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Security Notice: All versions of graphiql < 1.4.3 are vulnerable to an XSS attack in cases where the GraphQL server to which the GraphiQL web app connects is not trusted. Learn more in our security advisory.

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/ˈɡrafək(ə)l/ A graphical interactive in-browser GraphQL IDE. Try the live demo.


  • Full language support of the latest GraphQL Specification:
  • Syntax highlighting
  • Intelligent type ahead of fields, arguments, types, and more
  • Real-time error highlighting and reporting for queries and variables
  • Automatic query and variables completion
  • Automatic leaf node insertion for non-scalar fields
  • Documentation explorer with search and markdown support
  • Persisted state using localStorage
  • Simple API for adding custom plugins

Live Demos


Getting started

If you're looking to upgrade from graphiql@1.x to graphiql@2, check out the migration guide!


With unpkg/jsdelivr, etc.:

<link href="" rel="stylesheet" />
<script crossorigin src=""></script>

(see: Usage UMD Bundle below for more required script tags)


Using as package

The graphiql package can be installed using your favorite package manager. You also need to have react,react-dom and graphql installed which are peer dependencies of graphiql.

npm install graphiql react react-dom graphql

The package exports a bunch of React components:

  • The GraphiQLProvider components renders multiple context providers that encapsulate all state management
  • The GraphiQLInterface component renders the UI that makes up GraphiQL
  • The GraphiQL component is a combination of both the above components

There is a single prop that is required for the GraphiQL component called fetcher. A fetcher is a function that performs a request to a GraphQL API. It may return a Promise for queries or mutations, but also an Observable or an AsyncIterable in order to handle subscriptions or multipart responses.

An easy way to get create such a function is the createGraphiQLFetcher method exported from the @graphiql/toolkit package. If you want to implement your own fetcher function you can use the Fetcher type from @graphiql/toolkit to make sure the signature matches what GraphiQL expects.

The following is everything you need to render GraphiQL in your React application:

import { createGraphiQLFetcher } from '@graphiql/toolkit';
import { GraphiQL } from 'graphiql';
import React from 'react';
import { createRoot } from 'react-dom/client';
import 'graphiql/graphiql.css';

const fetcher = createGraphiQLFetcher({ url: 'https://my.backend/graphql' });

const root = createRoot(document.getElementById('root'));
root.render(<GraphiQL fetcher={fetcher} />);

Using as UMD bundle over CDN (Unpkg, JSDelivr, etc)

There exist pre-bundled static assets that allow you to easily render GraphiQL just by putting together a single HTML file. Check out the index.html file in the example project in this repository.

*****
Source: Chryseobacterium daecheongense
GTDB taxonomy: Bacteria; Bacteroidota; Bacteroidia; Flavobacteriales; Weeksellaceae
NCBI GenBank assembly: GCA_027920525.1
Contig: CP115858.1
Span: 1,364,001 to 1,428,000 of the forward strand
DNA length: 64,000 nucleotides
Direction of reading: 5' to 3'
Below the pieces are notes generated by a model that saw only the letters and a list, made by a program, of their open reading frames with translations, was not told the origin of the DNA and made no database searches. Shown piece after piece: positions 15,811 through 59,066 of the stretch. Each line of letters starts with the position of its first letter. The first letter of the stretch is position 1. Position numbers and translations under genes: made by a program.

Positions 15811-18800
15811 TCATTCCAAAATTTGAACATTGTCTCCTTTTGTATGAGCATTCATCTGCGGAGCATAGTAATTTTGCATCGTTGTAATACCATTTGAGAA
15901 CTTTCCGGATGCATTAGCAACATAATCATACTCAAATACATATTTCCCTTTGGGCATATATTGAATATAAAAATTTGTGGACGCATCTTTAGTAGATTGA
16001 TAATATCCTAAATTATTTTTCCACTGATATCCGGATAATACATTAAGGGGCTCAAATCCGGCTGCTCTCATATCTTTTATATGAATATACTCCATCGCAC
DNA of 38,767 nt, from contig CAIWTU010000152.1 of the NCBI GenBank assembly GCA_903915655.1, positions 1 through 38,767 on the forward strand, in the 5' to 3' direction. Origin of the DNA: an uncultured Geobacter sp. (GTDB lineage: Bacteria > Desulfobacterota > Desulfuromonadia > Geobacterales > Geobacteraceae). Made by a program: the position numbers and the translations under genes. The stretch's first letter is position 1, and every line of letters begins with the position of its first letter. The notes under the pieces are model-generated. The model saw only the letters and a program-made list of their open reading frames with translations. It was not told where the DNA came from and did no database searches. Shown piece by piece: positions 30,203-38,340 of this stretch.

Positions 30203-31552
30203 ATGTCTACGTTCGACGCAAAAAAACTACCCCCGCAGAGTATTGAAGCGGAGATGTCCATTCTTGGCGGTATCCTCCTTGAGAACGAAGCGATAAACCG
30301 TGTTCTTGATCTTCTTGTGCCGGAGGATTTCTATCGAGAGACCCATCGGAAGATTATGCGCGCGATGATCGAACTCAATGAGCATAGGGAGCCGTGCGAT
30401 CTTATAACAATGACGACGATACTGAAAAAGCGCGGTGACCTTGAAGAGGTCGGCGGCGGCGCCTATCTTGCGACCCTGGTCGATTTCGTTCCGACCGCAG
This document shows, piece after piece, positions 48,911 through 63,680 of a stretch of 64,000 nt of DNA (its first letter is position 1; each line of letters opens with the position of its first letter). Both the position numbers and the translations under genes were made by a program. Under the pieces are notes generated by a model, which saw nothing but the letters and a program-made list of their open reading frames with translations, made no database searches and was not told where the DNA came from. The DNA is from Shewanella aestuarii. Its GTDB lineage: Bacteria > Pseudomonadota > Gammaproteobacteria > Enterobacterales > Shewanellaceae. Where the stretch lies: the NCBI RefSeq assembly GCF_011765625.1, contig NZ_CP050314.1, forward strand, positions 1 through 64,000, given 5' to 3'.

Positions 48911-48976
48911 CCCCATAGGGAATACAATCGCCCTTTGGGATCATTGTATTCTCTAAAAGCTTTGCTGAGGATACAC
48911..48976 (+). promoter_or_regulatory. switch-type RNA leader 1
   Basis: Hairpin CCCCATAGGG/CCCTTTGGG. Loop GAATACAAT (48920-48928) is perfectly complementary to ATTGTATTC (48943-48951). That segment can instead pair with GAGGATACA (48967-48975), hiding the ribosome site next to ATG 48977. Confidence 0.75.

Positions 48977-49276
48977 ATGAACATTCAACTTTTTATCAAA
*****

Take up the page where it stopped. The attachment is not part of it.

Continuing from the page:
GraphiQL supports customization in UI and behavior by accepting React props and children.


For props documentation, see the API Docs


Parts of the UI can be customized by passing children to the GraphiQL or the GraphiQLInterface component.

  • <GraphiQL.Logo>: Replace the GraphiQL logo with your own.

  • <GraphiQL.Toolbar>: Add a custom toolbar below the execution button. Pass the empty <GraphiQL.Toolbar /> if an empty toolbar is desired. Use the components provided by @graphiql/react to create toolbar buttons with proper styles.

  • <GraphiQL.Footer>: Add a custom footer shown below the response editor.


Starting with graphiql@2 there exists a simple plugin API that allows you to build your own custom tools right into GraphiQL.

There are two built-in plugins that come with GraphiQL: The documentation explorer and the query history. Both can be toggled using icons in the sidebar on the left side of the screen. When opened, they appear next to the sidebar in a resizable portion of the screen.

To define your own plugin, all you need is a JavaScript object with three properties:

  • title: A unique title for the plugin (this will show up in a tooltip when hovering over the sidebar icon)
  • icon: A React component that renders an icon which will be included in the sidebar
  • content: A React component that renders the plugin contents which will be shown next to the sidebar when opening the plugin

You can pass a list of plugin objects to the GraphiQL component using the plugins prop. You can also control the visibility state of plugins using the visiblePlugin prop and react to changes of the plugin visibility state using the onTogglePluginVisibility prop.

Inside the component you pass to content you can interact with the GraphiQL state using the hooks provided by @graphiql/react. For example, check out how you can integrate the OneGraph Explorer in GraphiQL using the plugin API in the plugin package in this repo.


The GraphiQL interface uses CSS variables for theming, in particular for colors. Check out the root.css file for the available variables.

Overriding these variables is the only officially supported way of customizing the appearance of GraphiQL. Starting from version 2, class names are no longer be considered stable and might change between minor or patch version updates.

Editor Theme

The colors inside the editor can also be altered using CodeMirror editor themes. You can use the editorTheme prop to pass in the name of the theme. The CSS for the theme has to be loaded for the theme prop to work.

// In your document head:
// When rendering GraphiQL:
<GraphiQL editorTheme="solarized light" />

You can also create your own theme in CSS. As a reference, the default graphiql theme definition can be found here.




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